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Estimating renal function in elderly hospitalized patients Torna agli editoriali

Andrea Corsonello (1), Claudio Pedone (2), Bruno Mazzei (1), Francesco Corica (3), Raffaele Antonelli Incalzi (2).

Istituto Nazionale di Ricovero e Cura per Anziani (INRCA) – IRCCS, Cosenza, Italy (1)
Chair of Geriatric Medicine, University Campus-Biomedico, Rome, Italy (2)
Department of Internal Medicine, University of Messina, Italy (3)

Estimation of renal function is important because renal insufficiency is related to increased mortality, risk of cardiovascular events and morbidity (1,2). Since in elderly patients serum creatinine is frequently normal despite reduced renal function (3), several formulas have been developed to estimate the glomerular filtration rate (GFR) (4-6). Older and malnourished patients are at special risk of having depressed GFR with normal serum creatinine levels (3,7), and older patients in the acute care hospital are a population at special risk of having concealed renal failure, because the effects of an acute illness are added to those of chronic conditions. Recognising these patients is important in clinical practice because depressed GFR requires that the doses of drugs cleared by the kidney be proportionally reduced to prevent adverse drug reactions (ADRs) and nephrotoxic drugs be avoided.

The aging kidney
Aging-dependent changes in the kidney have been recently reviewed (8-10). Kidney mass has been reported to be substantially reduced in old age, by approximately 20 to 25% between the age of 30 and 80 years (11), and 0.5 cm per decade in length after middle age (12). However, an ultrasonographic study showed that in 175 healthy subjects aged 17 to 85 years, renal length decreased by only 15% between the third and ninth decades (13). At the light microscopic level, the aging human kidney is characterized by increased fibrosis, tubular atrophy, and arteriosclerosis (14,15). The presence of small vessel pathology in older people without apparent renal disease or hypertension suggests that even in healthy older people, renal changes may be secondary to vascular disease and altered vascular responsiveness. However, in an autopsy study, old age was found to be associated with increased numbers of sclerotic glomeruli and interstitial fibrosis (16).

The above morphological changes correspond to important functional modifications. Studies carried out with the measurement of inulin or EDTA clearance showed an age-related reduction of renal clearance of 13-46% (14,17-20). The Baltimore Longitudinal Study of Aging prospectively found a decrease in creatinine clearance of 0.75 ml/min/year, although one-third of subjects had no decrease in renal function for up to 25 years (21), and in the elderly cohort, serum creatinine and blood urea nitrogen were stable or decreased slightly over a 6-year period (22). However, the Baltimore study did not exclude older people with hypertension, and in a study by Fliser et al (18), much of the age-related decline in glomerular filtration rate appeared to be secondary to age-related disease, such as hypertension, diabetes and congestive heart failure, rather than to normal aging.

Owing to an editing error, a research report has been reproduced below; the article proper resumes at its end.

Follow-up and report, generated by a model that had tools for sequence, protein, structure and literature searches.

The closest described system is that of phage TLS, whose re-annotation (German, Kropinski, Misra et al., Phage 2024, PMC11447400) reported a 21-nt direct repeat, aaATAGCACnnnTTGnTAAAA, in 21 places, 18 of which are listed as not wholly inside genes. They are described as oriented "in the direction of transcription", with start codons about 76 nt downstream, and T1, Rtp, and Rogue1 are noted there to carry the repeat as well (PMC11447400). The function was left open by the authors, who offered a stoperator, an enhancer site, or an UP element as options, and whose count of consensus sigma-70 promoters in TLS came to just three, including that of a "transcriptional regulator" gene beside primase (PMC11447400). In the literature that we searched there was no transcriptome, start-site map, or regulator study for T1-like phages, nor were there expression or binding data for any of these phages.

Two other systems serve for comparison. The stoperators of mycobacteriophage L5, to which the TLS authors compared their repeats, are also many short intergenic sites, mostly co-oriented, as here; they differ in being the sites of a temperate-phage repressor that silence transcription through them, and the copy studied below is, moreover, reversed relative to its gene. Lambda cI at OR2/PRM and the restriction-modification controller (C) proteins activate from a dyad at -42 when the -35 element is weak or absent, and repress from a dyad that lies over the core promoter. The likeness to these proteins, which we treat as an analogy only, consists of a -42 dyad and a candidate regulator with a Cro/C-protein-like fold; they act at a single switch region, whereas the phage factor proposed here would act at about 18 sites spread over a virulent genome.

Estimating renal function at the bedside
Several equations have been developed to estimate creatinine clearance and GFR on the basis of easily available variables, such as serum creatinine, age, gender, antropometric and nutritional parameters. Unfortunately, none of most commonly used equations achieved an optimal mix of accuracy and precision in a young-adult population (23). Furthermore, a noticeable discrepancy between the Cockroft–Gault (CG) and the Modification of Diet in Renal Disease (MDRD) formulas, the most widely used, has been observed in a large population over 65 living in long-term facilities (24), and these formulas have been found to miss a consistent proportion of cases with renal failure within a population of octogenarian in-patients (25).